Saturday, July 6, 2013

That Giant Hole in the Backyard - Is It Yours?

Late in my first marriage, my husband began to dig a hole in the backyard.  When friends came over to chat or party, he soon had them digging too.

The swing set kept moving further and further back.  By the time I blasted my way out of the sand trap of my marriage, the hole must have been at least 12-feet wide, 16-feet long, and 9-feet deep.  I should have surrounded it with rope and danger signs.  

I left.  Then he left.  The hole stayed.  Eventually I was able to move back into my house and start anew.

One night - a knock on the door:

     "That hole in the yard - is it yours?"

---  Was I breaking the law?  Will I be arrested?  I'll admit nothing.

     "I live around the corner," the friendly man said.  "My yard backs onto your yard.  I noticed the hole out there and I was wondering if you needed it for anything."

---  A graveyard?  A bomb shelter?

     "No, not especially."
     "I ripped up my old driveway to build a new one.  I need to get rid of a lot of gravel, asphalt, and soil.  Could I dump it in your hole?  I could take the fence down and just push everything into the hole with my tractor."

Once again, the universe stepped up to the plate.


I said, “Stop smashing glass!!”
He said, “I’m angry.  What do you want me to do?”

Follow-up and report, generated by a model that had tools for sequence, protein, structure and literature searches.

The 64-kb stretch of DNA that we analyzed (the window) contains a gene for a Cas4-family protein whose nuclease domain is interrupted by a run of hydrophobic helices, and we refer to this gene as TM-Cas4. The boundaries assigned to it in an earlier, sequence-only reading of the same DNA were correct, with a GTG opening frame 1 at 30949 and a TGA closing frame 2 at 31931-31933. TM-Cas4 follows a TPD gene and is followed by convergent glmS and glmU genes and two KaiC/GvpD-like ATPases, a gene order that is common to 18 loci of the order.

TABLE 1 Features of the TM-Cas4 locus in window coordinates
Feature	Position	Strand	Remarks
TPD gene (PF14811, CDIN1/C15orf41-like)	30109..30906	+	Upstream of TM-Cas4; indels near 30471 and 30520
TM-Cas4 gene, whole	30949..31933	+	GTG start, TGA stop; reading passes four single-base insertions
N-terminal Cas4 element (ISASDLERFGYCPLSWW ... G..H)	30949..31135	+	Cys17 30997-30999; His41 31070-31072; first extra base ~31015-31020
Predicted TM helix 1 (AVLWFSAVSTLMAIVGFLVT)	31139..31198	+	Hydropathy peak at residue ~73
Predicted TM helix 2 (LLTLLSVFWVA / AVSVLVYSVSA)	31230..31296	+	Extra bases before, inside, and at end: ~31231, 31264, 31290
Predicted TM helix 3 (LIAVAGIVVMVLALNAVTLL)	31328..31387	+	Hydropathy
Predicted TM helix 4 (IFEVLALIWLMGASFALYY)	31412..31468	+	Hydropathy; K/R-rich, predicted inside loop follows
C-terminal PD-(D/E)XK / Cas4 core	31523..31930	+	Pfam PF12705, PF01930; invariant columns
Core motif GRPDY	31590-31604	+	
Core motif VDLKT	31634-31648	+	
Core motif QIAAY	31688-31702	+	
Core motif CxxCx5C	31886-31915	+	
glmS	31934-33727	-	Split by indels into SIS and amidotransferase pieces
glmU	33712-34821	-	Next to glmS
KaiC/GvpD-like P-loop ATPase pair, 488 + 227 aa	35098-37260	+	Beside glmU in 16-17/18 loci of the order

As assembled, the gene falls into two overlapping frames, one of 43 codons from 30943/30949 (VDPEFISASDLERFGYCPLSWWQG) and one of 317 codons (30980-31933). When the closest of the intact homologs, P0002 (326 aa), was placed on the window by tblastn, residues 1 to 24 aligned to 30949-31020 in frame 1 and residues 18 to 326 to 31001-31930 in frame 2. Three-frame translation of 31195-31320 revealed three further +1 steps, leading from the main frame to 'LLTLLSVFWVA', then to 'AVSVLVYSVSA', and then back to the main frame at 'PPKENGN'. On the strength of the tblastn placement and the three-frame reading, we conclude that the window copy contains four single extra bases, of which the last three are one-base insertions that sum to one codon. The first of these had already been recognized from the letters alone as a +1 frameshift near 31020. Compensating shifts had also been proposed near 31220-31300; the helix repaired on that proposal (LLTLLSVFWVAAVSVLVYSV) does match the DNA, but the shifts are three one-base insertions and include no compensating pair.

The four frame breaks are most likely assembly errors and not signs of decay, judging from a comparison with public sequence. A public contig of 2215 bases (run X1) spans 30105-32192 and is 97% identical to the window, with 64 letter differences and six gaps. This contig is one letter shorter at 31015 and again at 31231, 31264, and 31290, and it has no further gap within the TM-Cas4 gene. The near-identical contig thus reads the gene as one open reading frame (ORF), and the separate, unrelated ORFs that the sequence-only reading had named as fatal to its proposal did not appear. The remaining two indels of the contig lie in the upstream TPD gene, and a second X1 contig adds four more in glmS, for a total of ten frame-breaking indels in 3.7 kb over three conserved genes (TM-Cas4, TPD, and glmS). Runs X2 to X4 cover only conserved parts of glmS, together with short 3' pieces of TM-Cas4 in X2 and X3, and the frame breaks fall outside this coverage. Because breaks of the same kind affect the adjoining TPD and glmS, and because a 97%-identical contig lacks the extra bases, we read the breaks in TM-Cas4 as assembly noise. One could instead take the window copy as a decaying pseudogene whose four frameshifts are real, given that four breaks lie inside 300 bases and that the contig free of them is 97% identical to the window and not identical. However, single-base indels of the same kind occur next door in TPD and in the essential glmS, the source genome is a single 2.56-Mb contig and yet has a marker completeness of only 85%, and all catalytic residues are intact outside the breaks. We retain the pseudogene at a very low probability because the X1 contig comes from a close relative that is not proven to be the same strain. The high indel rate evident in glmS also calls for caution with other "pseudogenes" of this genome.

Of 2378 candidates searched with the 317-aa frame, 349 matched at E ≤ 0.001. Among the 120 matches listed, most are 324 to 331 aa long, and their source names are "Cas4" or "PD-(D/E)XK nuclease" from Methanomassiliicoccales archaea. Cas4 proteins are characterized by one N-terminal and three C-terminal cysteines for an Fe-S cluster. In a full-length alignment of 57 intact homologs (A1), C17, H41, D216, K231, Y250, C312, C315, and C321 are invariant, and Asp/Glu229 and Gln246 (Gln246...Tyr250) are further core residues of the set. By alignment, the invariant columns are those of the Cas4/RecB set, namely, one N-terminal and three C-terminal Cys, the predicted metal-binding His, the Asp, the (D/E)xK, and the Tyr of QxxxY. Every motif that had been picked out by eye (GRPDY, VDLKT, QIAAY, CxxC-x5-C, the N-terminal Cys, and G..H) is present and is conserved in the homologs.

“When you’re angry,”  I said, “go dig a hole.”

So he began to dig          and dig          and dig.

He told the neighbours he was digging a fishpond –
then          a well              a pool          a crater
digging until he forgot why he was digging
digging and digging till the hole filled the yard

“Don’t fall in,”
I told our daughter as she made her way to the back
where the swings still stood
amid the mounds of stone and soil
excavation of madness
archeology of pain


He came home all excited from work one day
with a 20-foot I-beam
Three friends pulled it off his truck
Carried it to the back, laid it next to the hole –
“This’ll come in handy,” he said.  “It’ll hold up a ceiling.
I can build a garage.  You don’t find these every day,
that’s for sure.”


I never understood the I-beam or why we needed one,
but there it was in the yard:
The giant, yearning I-beam
and the vast, empty hole
side by side -- 
my marriage.

Years went by and the hole became a garden.  I sold the I-beam for $100.

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